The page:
Editor’s Note: “Behind Prison Walls by David Berkowitz” is a new series of contributions by our brother David. His reflections on Anne Frank have been abridged from a number of his journal entries appearing on his website AriseAndShine.org.

Anne Frank was a young Jewish girl living in Amsterdam during the Nazi occupation of Holland.  Anne went into hiding with her immediate family and a few others in order to escape arrest by the Nazis and imprisonment in a concentration camp.  Surviving in captivity in cramped quarters and living each day not knowing if it would be her last, a resourceful and imaginative Anne took to writing.

Anne Frank kept a diary, which she named Kitty.  Miss Kitty became Anne’s secret friend and a companion with which this intelligent, articulate and creative girl would share her thoughts and concerns.  Into its pages went Anne’s hopes and dreams.  She continued to write in her diary until she and her family were arrested on August 4, 1944 when it was left behind with all her belongings.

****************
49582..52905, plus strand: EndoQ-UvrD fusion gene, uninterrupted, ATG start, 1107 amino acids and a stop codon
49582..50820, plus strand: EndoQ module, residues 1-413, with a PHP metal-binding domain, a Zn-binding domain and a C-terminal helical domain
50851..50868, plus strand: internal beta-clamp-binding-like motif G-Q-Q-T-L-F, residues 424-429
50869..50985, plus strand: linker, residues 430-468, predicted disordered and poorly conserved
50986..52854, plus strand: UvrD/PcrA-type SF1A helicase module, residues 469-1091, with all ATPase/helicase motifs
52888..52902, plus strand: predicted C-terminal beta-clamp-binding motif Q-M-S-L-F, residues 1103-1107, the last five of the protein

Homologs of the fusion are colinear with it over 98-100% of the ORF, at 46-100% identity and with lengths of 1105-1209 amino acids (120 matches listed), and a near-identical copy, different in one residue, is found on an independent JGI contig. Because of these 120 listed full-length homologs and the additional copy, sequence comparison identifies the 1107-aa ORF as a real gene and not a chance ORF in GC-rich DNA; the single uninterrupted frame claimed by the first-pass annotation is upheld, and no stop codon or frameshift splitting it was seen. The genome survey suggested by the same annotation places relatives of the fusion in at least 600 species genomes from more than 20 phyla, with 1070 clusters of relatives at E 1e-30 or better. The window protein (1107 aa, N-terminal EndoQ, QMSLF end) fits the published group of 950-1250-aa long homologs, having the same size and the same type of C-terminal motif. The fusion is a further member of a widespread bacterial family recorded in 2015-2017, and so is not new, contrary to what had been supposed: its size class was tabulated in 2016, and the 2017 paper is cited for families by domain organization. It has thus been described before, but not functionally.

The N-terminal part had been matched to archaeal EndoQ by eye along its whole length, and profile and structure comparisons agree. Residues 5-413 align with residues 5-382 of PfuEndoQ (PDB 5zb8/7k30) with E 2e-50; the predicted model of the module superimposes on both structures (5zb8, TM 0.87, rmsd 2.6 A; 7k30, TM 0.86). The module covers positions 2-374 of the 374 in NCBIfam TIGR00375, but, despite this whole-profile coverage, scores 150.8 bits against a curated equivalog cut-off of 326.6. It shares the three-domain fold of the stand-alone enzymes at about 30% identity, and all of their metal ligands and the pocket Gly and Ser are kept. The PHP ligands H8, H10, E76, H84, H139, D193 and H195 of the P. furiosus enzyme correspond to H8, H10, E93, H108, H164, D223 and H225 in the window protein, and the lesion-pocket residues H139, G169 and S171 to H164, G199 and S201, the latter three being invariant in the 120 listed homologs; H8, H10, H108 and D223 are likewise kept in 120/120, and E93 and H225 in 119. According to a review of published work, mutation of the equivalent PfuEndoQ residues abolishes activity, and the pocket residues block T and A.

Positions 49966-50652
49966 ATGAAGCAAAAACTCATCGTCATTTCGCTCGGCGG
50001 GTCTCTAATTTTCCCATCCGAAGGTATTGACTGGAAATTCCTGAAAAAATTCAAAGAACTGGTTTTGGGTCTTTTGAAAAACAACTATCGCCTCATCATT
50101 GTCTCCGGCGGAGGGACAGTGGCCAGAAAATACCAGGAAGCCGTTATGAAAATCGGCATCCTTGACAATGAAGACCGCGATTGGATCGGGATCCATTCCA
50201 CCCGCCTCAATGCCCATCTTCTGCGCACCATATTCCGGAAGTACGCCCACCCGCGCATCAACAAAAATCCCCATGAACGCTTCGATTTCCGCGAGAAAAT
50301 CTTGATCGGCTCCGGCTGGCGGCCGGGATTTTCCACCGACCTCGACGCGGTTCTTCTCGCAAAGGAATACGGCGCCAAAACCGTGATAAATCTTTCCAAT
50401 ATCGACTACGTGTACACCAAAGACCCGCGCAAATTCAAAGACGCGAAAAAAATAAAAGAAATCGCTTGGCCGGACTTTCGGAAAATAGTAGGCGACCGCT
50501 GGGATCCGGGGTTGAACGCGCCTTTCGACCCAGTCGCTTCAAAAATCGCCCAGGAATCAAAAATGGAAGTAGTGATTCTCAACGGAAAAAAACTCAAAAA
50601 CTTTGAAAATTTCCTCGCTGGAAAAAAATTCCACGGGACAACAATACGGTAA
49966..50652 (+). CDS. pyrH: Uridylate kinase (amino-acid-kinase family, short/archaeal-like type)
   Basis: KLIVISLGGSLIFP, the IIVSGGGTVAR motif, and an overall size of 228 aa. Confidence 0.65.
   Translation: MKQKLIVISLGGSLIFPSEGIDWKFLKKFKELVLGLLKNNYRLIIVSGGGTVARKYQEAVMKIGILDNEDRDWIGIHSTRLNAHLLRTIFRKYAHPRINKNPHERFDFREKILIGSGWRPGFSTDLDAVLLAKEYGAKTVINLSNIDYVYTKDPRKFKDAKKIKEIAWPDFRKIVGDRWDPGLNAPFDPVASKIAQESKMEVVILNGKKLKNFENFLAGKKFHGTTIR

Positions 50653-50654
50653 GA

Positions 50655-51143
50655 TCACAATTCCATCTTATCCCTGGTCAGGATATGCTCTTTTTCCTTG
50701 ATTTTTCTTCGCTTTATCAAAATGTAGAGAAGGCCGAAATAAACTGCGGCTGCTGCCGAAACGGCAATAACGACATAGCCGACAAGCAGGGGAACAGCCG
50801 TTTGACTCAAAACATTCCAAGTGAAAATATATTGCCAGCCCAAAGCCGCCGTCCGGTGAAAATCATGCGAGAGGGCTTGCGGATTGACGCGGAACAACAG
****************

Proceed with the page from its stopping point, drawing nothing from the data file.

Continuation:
Only six months later, the fifteen-year-old Anne would perish in the notorious Bergen-Belsen concentration camp along with her older sister Margot.  Tragically, they were only months away from the camp’s liberation by British troops on April 12, 1945.

But her diary would live on.  Her father, who was the only survivor of the family, would find her diary and eventually get it published. It would go on to become one of the world’s most celebrated works of literature, translated into many languages.

I grew up hearing about Anne Frank. Her diary was read and discussed when I was in public school, where it was required reading.  But not being a good student, I didn’t give her story much thought.  It wasn’t until I came to prison years later that Anne’s story would prick my heart.

Years ago I found a published copy of Anne’s diary in the prison’s library.  Reading it from behind prison walls brought her work into a whole new light.

For, like Anne, I too found pen and paper the best way to express my thoughts and share my heart.  Years ago I obtained a small portable typewriter that I would peck away at for hours.  Today I have more than a thousand pages of journal writing.  Writing has become one of my passions.

Anne Frank is a source of inspiration for me to continue on with my own writing. An innocent Anne and a guilty David, both of us locked away from society. Anne was hiding for her life, and I am confined to prison for life. Each of us in captivity, yet diligently putting our thoughts and feelings on paper.

Dear Anne Frank, her heart now lives in her words: The Diary of a Young Girl: Anne Frank (The Definitive Edition), Anchor Books/Random-House, 1996